Back in January, the mobile homebrew community suffered a major blow when several DMCA exemptions expired. Among them was a rule that made unlocking cellphones legal, effectively making the practice illegal here in the United States.
But it may not be that way for long. A new bill just landed in the House of Representatives called The Unlocking Technology Act of 2013, which, among other things, would make the process of unlocking your cellphone unequivocally legal…
The bill was introduced yesterday by California Democrat Zoe Lofgren, and backed by Jared Polis of Colorado and Thomas Massie of Kentucky. Both Polis and Massie have earned a reputation for being closely involved in technology policy issues.
And essentially, what the bill calls for is an amendment to Section 1201(a), of title 17, of the US Code. Specifically, it asks that users be allowed to circumvent their device’s ‘security measures,’ as long as they don’t infringe on copyrighted material.
So what does this all mean? Nothing yet. The Unlocking Technology Act would have to get approval from the majority of the House, then make its way through the Senate, before finally being signed into law by the United States President.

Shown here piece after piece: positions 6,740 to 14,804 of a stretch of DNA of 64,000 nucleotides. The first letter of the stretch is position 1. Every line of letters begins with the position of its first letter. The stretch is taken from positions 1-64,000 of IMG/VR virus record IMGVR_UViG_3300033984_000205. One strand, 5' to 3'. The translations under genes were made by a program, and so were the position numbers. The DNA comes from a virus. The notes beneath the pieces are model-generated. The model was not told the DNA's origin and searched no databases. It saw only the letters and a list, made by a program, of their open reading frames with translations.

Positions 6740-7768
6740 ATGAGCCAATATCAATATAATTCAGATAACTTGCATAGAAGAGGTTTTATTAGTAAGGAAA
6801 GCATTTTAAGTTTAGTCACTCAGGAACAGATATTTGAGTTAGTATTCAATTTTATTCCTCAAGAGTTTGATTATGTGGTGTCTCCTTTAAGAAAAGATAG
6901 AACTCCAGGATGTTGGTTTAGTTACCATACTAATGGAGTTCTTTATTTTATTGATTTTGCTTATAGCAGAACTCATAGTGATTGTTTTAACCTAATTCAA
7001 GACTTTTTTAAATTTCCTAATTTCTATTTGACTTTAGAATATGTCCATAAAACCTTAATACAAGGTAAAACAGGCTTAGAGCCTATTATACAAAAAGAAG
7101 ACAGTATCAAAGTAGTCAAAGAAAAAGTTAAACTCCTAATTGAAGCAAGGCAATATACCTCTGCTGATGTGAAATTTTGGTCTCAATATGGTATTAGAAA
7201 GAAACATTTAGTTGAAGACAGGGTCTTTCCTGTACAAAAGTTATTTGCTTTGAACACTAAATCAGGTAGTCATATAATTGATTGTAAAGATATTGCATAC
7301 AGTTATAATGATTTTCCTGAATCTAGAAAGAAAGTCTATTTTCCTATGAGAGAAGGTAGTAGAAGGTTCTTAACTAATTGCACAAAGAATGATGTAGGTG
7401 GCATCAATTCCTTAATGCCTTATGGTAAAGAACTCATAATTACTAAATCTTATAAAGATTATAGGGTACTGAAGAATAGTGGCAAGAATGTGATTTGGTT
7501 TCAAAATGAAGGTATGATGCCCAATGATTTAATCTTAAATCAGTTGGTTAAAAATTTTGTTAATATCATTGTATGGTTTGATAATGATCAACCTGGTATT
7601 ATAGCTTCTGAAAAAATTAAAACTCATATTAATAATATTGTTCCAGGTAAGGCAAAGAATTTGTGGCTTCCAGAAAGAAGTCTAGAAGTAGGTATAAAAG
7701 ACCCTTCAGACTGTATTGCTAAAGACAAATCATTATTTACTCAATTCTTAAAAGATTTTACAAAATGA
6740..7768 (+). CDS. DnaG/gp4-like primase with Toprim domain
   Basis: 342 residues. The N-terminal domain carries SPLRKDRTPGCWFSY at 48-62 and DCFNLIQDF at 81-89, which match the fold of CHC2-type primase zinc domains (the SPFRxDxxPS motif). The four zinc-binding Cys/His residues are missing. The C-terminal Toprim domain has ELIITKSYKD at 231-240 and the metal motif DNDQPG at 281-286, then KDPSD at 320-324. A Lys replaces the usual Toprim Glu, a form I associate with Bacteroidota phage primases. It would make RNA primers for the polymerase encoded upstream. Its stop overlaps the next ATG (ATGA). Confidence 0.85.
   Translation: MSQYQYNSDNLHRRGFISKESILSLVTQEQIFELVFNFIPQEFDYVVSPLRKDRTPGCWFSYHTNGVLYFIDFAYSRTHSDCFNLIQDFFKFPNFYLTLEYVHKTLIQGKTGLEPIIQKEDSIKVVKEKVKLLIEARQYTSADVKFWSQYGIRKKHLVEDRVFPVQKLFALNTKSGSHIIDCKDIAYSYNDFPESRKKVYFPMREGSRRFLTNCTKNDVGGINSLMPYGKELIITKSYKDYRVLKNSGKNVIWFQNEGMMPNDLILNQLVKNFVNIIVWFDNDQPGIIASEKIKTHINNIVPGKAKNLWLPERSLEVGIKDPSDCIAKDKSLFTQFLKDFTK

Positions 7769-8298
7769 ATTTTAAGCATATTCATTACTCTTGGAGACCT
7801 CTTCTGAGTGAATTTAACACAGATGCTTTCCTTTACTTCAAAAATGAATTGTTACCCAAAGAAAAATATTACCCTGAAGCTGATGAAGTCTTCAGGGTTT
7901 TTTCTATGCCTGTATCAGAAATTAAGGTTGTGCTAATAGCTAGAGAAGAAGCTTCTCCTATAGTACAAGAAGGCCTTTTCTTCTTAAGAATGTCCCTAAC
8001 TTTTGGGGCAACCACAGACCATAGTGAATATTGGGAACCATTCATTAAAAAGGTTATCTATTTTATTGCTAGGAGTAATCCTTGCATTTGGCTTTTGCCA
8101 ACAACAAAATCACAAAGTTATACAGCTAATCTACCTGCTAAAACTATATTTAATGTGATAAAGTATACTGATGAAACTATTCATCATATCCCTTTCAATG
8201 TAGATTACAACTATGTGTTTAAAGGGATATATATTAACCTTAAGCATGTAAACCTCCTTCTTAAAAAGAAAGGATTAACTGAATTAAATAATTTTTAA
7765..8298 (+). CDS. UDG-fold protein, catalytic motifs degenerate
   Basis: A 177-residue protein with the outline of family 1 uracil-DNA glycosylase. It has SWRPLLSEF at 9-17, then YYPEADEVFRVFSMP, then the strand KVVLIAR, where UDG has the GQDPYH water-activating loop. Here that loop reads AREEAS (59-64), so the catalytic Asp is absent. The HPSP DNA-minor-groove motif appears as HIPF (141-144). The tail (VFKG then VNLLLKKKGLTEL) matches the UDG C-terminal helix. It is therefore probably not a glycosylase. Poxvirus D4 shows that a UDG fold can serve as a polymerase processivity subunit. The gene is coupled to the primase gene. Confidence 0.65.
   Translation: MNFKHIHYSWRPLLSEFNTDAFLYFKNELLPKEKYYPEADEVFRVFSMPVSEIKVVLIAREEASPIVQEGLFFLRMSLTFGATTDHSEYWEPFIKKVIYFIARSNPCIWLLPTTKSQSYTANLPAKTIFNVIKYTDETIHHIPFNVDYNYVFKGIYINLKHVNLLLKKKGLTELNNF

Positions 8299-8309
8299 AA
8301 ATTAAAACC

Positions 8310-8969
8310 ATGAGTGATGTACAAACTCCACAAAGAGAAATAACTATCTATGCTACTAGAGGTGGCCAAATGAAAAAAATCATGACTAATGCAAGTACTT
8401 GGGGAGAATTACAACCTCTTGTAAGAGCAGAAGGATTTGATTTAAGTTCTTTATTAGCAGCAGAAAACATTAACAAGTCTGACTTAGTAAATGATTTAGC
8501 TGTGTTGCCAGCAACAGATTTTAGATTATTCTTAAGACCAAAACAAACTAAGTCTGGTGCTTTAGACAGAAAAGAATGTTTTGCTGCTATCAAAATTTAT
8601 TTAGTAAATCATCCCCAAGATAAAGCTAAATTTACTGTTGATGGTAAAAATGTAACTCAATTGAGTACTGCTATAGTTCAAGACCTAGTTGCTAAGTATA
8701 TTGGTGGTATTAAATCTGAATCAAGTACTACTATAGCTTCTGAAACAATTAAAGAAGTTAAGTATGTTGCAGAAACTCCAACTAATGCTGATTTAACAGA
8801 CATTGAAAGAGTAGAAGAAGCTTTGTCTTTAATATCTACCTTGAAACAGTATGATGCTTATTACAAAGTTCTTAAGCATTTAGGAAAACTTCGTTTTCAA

The good news, though, is that if the bill ever does make it to the President’s desk, he’s said he’ll sign it. His administration announced support for legalizing unlocking back in March, in response to a petition that garnered over 100K signatures.
Due to carrier exclusivity and other factors, unlocking has become fairly popular among iPhone users. It’s even spawned a lucrative reseller industry. So needless to say, the outcome of this bill will have major ramifications.